Universität KonstanzExzellenzcluster „Kulturelle Grundlagen von Integration“

Journal No. 1 – Traces of a Lost Film

19. June 2008

Hito Steyerl’s video installation “Journal No. 1 – an Artist’s Impression” (2007, 21 min) documents the search for a Bosnian film from 1947 that was lost in the upheaval of the Yugoslavian Civil War. The installation will be on exhibition in the basement of the arts and cultural center Kulturzentrum am Münster from June 28. At the vernissage on June 27 Jurij Murašov, Professor of Slavic Literature at the University of Konstanz, will talk with the video artist about the role of art in war and the (im-)possibility of reconstructing a work of art.

Konstanz, 19. 6. 2008: What happened to the film reels containing Film Journal No.1? Were they really destroyed during fighting on the Bosnian frontline in the Yugoslavian Civil War? Or were the reels looted by Serbian soldiers and taken to Belgrade as some witnesses claim? This scenario is not as unlikely as it might sound. After all, Film Journal No. 1 featured a report on an alphabetization campaign for Muslim women and girls conducted during the Tito era. The campaign reduced the level of illiteracy in Bosnia to just 25 percent from a pre-WW II high of 75 percent. Does it really seem so unlikely that the opposing side might have attempted to capture such cultural artifacts?

Hito Steyerl search to uncover the fate of the reels begins in the archives of Sutjeska Studios in Sarajevo. In the course of her inquiry Steyerl speaks with eyewitnesses and visits the ruins of the former archive. The floors of the archive are littered with film cans and the tangled remains of archived material. None of this material can be restored. Along with Journal No. 1 the material forms a gaping hole in the history of Bosnian and Herzegovina cinema. These images from the archive suggest that actual fate of the reels is not central to Steyerl’s work. Rather, her fascination lies in the quest of rediscovery itself. Steyerl attempts to fill the empty space created by the disappearance of the Film Journal reels with images born in the memories of eyewitnesses.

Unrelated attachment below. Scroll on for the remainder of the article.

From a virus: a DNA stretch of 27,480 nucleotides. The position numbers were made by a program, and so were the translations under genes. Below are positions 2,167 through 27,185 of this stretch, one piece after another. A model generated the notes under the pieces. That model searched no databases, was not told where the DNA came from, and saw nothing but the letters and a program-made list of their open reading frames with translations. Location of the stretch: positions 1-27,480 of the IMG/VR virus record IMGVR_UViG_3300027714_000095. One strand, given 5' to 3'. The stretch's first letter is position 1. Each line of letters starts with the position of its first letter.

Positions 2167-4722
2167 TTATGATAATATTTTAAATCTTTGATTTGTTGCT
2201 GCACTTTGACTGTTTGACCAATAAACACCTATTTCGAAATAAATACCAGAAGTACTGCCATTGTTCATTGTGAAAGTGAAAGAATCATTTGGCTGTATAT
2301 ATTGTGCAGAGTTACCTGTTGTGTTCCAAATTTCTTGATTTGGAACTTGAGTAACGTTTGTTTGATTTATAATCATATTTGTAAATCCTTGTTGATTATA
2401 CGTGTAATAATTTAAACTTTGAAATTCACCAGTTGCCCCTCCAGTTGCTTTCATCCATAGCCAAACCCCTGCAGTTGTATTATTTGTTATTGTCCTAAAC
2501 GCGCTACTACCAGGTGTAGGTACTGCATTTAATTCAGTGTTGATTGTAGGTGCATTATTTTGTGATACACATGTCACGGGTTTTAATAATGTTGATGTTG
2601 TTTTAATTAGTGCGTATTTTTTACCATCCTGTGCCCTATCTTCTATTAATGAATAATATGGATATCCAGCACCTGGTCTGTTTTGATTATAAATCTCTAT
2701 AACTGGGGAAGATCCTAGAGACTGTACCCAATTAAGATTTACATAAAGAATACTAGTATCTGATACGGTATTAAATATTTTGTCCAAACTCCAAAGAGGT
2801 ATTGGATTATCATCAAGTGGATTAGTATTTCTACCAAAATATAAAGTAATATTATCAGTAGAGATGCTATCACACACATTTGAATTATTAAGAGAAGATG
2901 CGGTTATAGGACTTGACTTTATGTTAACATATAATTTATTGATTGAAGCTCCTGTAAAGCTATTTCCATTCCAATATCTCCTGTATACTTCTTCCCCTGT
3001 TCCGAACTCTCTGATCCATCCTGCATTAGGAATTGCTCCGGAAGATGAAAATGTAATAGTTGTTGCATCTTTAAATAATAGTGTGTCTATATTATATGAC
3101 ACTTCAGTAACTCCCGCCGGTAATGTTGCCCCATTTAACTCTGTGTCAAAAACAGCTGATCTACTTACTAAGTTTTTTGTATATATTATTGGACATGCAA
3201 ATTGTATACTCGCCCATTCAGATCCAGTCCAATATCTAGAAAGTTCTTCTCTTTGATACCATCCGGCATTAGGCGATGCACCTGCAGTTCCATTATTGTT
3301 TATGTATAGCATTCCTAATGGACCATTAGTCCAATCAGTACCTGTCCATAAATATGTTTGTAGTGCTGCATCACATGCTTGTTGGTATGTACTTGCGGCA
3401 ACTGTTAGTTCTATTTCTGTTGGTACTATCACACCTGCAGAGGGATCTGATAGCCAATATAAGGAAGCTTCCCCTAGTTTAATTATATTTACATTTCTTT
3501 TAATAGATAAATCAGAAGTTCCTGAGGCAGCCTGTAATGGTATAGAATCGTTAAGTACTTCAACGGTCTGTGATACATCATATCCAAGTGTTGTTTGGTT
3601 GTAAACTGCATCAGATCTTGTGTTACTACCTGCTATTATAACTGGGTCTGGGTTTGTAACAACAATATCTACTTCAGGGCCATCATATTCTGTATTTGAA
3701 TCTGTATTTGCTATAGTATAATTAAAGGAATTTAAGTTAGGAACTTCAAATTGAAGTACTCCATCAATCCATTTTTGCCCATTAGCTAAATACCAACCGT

Steyerl documents the efforts of Devleta Filipović and Halid Bunić, two employees at the Bosnian Cinematheque in Sarajevo, to reconstruct the scenes from the missing reels. Steyerl then asks artist Arman Kulašić to create two sketches based on these quite different memories. Viewers watch over his shoulder as he draws the sketches: a simple classroom with a blackboard, benches and women in traditional Bosnian headscarves.

The film employs split screen techniques to simultaneously confront viewers with two versions of the Film Journal reel. Steyerl uses the technical potential of the medium to (re-)construct a fragmented and damaged (film) his/story: An Artist’s Impression. But Steyerl’s work is more than mere reconstruction. She comments and juxtaposes the eyewitness accounts with scenes and sound recordings from preserved archive material such as the partisan film “Walter saves Sarajevo”, Emir Kusturica’s “Do you remember Dolly?” and another episode of Film Journal. An Artist’s Impression is a work of reconstruction and construction, and a unique blend of commemoration and interpretation.

The eyewitness accounts are complemented on another narrative level: artist Arman Kulašić is not the marginal figure he at first appears to be. Kulašić juxtaposes the reconstruction of the classroom as a place of education and alphabetization with the horrific memory of his own childhood – Kulašić’s family were victims of the ethnic cleansing that occurred during the Yugoslavian conflict. Kulašić sketches a third classroom. But here the teachers let their pupils leave the school to join other villagers in throwing stones at refugees. This image of the classroom as the site of barbaric cruelty stands in stark contrast to its portrayal in Film Journal as the site of enlightenment.

Hito Steyerl filmed the material for this video installation during her time in Sarajevo as the Goethe Institute artist in residence. Steyerl has held a guest professorship for Experimental Film and Video (New Media) at the Berlin University of the Arts since 2007.

The exhibition is staged by GALERIE DER SCHWARZE PUNKT in co-operation with the Center of Excellence “Cultural Foundations of Integration”.

Steyerl-Plakat_01.pdf587 Ki